The More the Merrier
Setting the bar on your CX data as the basis of your recognition program is both an art and a science. If launching a brand-new recognition program, start with an inclusive strategy that rewards multiple achievers, but not so many that the value of the recognition is diluted. The size of your organization, the number of staff within your departments, etc. will also guide your decision on where to draw the line. Analyzing your recent CX results will help you find the sweet spot that achieves a good balance for who does and does not deserve recognition.
Creating an Effective Recognition Program
Here are some guiding principles to consider as you build out your recognition program.
- Frequency. Quarterly or trimesters are best –not too long and not too short. Ideally, the duration will allow for the majority of your team to receive enough customer surveys that fairly reflect performance. If a 6-month timeframe accomplishes that goal, that’s fine too. Annual timeframes have the least impact, as too much time has passed between the desired behavior and the recognition.
- Objective measurements. Make calculations on quantitative data. This eliminates subjectivity and helps deter any natural-occurring bias that may exist about an employee or group of employees. This is not to totally disregard qualitative data. Customer comments are an excellent resource to include when publicly presenting an employee's recognition. Reading words of praise directly from the customer is a powerful way to underscore performance excellence.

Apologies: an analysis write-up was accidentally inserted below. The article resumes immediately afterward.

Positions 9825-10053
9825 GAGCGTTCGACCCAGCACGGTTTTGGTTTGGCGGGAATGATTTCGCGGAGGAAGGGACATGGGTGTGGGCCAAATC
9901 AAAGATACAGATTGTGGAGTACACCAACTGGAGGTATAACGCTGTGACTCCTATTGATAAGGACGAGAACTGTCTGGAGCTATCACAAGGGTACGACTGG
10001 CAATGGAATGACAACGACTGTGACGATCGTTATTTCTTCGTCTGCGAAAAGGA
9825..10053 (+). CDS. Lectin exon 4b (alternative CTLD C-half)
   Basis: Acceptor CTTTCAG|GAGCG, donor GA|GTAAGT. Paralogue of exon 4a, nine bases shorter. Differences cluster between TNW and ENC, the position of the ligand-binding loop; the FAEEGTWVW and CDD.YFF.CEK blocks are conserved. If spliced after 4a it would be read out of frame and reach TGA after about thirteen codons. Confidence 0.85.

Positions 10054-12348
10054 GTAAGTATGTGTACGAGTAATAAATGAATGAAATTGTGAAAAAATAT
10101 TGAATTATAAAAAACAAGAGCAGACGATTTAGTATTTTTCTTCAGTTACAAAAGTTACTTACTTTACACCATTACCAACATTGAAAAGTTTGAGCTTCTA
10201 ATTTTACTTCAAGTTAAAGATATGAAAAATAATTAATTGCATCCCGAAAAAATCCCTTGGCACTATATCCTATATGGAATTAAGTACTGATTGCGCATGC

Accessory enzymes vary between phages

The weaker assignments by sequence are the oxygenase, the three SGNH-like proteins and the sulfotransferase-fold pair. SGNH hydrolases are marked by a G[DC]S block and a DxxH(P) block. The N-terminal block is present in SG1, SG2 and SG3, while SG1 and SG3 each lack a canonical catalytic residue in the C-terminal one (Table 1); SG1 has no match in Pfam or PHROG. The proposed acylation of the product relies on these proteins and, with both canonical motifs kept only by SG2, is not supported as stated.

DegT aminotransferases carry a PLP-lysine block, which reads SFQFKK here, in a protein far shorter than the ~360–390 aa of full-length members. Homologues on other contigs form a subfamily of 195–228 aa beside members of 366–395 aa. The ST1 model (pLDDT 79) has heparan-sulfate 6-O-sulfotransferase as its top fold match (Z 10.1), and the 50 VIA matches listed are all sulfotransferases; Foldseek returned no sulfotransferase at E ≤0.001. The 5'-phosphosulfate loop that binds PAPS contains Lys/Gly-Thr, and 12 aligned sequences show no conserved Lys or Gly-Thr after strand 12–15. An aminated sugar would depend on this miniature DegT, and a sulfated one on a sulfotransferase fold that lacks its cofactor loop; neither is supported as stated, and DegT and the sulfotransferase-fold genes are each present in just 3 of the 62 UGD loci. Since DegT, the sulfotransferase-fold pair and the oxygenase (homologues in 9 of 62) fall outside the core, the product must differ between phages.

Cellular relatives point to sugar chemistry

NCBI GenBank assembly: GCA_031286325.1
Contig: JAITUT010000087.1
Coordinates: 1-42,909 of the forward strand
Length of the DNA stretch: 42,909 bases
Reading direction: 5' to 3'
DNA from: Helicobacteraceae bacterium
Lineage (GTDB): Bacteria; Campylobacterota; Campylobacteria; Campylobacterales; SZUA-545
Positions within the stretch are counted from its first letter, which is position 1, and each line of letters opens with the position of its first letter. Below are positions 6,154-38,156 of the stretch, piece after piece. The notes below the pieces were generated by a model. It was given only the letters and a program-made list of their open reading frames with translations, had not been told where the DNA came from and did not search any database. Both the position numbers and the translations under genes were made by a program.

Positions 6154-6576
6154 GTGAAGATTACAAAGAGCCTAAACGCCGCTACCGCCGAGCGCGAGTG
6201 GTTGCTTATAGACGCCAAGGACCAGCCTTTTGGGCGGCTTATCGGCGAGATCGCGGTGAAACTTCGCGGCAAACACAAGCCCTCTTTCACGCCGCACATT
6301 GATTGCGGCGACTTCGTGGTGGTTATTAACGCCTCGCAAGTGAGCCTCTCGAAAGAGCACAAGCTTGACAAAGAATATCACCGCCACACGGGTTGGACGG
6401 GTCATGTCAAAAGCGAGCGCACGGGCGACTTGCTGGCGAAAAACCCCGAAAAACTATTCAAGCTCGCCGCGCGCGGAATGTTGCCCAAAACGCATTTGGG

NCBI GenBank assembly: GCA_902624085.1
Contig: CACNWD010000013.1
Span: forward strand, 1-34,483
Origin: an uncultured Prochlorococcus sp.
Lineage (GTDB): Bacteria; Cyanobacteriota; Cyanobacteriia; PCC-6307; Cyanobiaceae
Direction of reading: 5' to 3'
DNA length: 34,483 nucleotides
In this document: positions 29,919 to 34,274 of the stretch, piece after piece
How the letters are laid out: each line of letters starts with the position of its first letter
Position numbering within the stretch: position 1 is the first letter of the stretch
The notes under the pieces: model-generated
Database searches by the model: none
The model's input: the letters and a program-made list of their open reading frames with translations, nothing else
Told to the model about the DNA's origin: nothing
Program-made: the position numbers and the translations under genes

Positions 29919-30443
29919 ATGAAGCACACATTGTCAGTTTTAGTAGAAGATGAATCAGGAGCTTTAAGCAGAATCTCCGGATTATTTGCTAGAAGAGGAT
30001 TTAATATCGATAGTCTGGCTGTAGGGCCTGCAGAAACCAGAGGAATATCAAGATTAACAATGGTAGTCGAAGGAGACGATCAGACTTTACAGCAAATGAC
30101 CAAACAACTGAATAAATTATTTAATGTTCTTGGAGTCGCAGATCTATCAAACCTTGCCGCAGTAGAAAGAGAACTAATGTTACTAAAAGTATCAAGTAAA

- Alignment. The criteria should flow naturally from the key “job scopes” you set for the teams. Sales team (communication, follow-through, accuracy, etc.). Field team (delivery condition, quality, schedule performance, punch-list carryover, overall Net Promoter Score, etc.). Warranty (quality of work, arrived on time, resolved issues in a timely manner, etc.).
- Teams. Delivering a great customer homebuying experience is seldom a one-person job. It takes a collective effort from the customer-facing team and frequently includes many others. A well-rounded recognition program should always include team-based awards. Community or departmental awards are a great place to start.
- Simplicity. Make your program easy to understand, implement and manage. After you've defined your standards, build a report from your customer data that puts the information at your fingertips. If it takes longer than a few minutes, you might want to reconsider the tools you're using to gather customer feedback and display the results.
- Education. Announce the program and how teams and individuals will be measured. Give equal emphasis to the "why" the criteria have been selected and not just the “what.” Regularly review your program with your team and include an overview in your employee handbook, new employee onboarding tools, or similar documentation to account for the natural churn of staff turnover.
8 Creative Ways to Celebrate Employee CX Achievements
- Host a “President’s Club” dinner. Celebrate the individuals and teams that hit their milestones with a recognition dinner hosted by the leadership team. Consider inviting the recipient’s significant other to recognize the sacrifices that top-performer families sometimes make. Acknowledge the employee with a commemorative trophy or plaque, and surprise the spouse/partner with a $500 gift card to acknowledge their sacrifice. Be sure to incorporate customer survey comments into your award presentations, and don't be surprised if there's not a dry eye in the room by the end of the evening.